Pope Francis has left America now, but long after his return to the Vatican, indeed long after he has left this life for the next, American courts will be quoting the pontiff’s words in opinions dealing with the “first freedom,” the freedom of religion.
The Pope delivered the most important address of his trip from a lectern used by Abraham Lincoln to deliver the Gettysburg Address.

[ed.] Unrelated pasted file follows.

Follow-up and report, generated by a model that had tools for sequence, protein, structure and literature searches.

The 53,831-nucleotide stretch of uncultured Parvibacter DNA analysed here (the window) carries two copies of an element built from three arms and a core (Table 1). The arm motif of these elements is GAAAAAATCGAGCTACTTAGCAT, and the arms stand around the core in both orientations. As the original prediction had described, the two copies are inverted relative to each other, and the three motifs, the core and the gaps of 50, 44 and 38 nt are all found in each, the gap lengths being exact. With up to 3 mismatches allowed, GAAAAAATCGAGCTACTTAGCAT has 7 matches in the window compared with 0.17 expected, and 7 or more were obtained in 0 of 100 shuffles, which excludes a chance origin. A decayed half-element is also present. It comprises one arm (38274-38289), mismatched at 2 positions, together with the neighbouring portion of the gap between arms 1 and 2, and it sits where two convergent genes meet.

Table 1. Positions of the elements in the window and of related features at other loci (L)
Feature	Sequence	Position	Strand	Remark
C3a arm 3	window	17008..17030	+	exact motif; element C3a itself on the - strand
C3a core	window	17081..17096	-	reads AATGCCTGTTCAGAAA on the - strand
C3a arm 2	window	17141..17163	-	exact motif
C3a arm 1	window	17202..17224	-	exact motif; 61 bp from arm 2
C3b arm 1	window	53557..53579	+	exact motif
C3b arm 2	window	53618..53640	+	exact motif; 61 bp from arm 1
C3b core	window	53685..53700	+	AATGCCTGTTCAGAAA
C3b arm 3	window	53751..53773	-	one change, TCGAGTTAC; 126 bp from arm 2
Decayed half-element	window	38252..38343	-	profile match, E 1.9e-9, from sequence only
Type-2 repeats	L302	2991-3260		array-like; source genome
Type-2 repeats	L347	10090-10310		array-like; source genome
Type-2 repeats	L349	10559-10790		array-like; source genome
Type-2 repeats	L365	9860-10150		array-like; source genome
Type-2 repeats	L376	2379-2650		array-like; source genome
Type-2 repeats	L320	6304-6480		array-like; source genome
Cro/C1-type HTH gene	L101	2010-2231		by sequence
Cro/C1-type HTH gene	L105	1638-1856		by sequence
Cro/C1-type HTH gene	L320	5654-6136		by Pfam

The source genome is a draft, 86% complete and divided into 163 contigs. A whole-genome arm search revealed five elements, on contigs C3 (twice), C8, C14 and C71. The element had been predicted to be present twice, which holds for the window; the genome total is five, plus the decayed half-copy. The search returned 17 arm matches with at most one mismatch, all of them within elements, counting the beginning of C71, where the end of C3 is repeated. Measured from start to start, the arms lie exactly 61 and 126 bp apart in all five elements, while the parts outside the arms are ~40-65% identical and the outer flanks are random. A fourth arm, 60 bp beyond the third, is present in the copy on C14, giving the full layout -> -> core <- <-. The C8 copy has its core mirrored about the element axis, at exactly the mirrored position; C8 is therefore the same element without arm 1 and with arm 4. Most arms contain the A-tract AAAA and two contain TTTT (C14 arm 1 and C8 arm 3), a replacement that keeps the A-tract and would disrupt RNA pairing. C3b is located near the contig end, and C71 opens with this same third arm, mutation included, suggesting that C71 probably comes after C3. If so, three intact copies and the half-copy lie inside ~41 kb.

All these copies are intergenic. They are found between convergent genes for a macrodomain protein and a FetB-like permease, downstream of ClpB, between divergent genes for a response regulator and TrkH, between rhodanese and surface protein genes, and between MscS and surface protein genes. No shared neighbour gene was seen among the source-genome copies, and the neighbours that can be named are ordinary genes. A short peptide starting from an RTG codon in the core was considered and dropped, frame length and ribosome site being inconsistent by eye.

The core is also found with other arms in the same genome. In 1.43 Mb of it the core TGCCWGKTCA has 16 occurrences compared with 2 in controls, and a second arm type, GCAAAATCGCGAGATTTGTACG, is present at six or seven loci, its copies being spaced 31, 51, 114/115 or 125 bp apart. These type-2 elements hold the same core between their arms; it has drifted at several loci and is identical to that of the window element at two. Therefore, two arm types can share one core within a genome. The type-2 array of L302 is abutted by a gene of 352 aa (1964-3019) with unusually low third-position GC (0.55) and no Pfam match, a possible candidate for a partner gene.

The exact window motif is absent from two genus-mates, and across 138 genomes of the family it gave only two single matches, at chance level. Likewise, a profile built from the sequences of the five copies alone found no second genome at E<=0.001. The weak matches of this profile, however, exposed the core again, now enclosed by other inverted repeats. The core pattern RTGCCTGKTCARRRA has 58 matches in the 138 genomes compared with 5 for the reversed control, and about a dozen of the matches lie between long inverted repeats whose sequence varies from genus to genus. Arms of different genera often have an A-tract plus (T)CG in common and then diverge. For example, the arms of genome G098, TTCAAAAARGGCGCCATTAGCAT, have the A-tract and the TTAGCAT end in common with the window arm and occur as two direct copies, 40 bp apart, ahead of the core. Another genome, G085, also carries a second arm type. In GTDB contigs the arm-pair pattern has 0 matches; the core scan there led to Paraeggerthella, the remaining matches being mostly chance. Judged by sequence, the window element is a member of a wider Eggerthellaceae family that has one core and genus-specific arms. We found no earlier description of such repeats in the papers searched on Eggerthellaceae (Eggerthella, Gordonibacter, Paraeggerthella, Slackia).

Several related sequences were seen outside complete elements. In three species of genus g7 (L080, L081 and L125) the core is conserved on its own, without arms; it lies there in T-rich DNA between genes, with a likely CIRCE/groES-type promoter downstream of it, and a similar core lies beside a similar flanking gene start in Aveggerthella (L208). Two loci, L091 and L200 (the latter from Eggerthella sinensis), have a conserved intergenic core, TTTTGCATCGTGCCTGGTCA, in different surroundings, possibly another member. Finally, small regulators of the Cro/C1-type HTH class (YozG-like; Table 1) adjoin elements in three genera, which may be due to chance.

The heart of his remarks deserve a close rereading:
He said [and I quote]: “In a world where various forms of modern tyranny seek to suppress religious freedom, or try to reduce it to a subculture without right to a voice in the public square, or to use religion as a pretext for hatred and brutality, it is imperative that the followers of the various religions join their voices in calling for peace, tolerance and respect for the dignity and rights of others.”
“Let us preserve liberty, let us take care of it: freedom of conscience, religious freedom, the freedom of every person, family, and nation, which causes other rights.”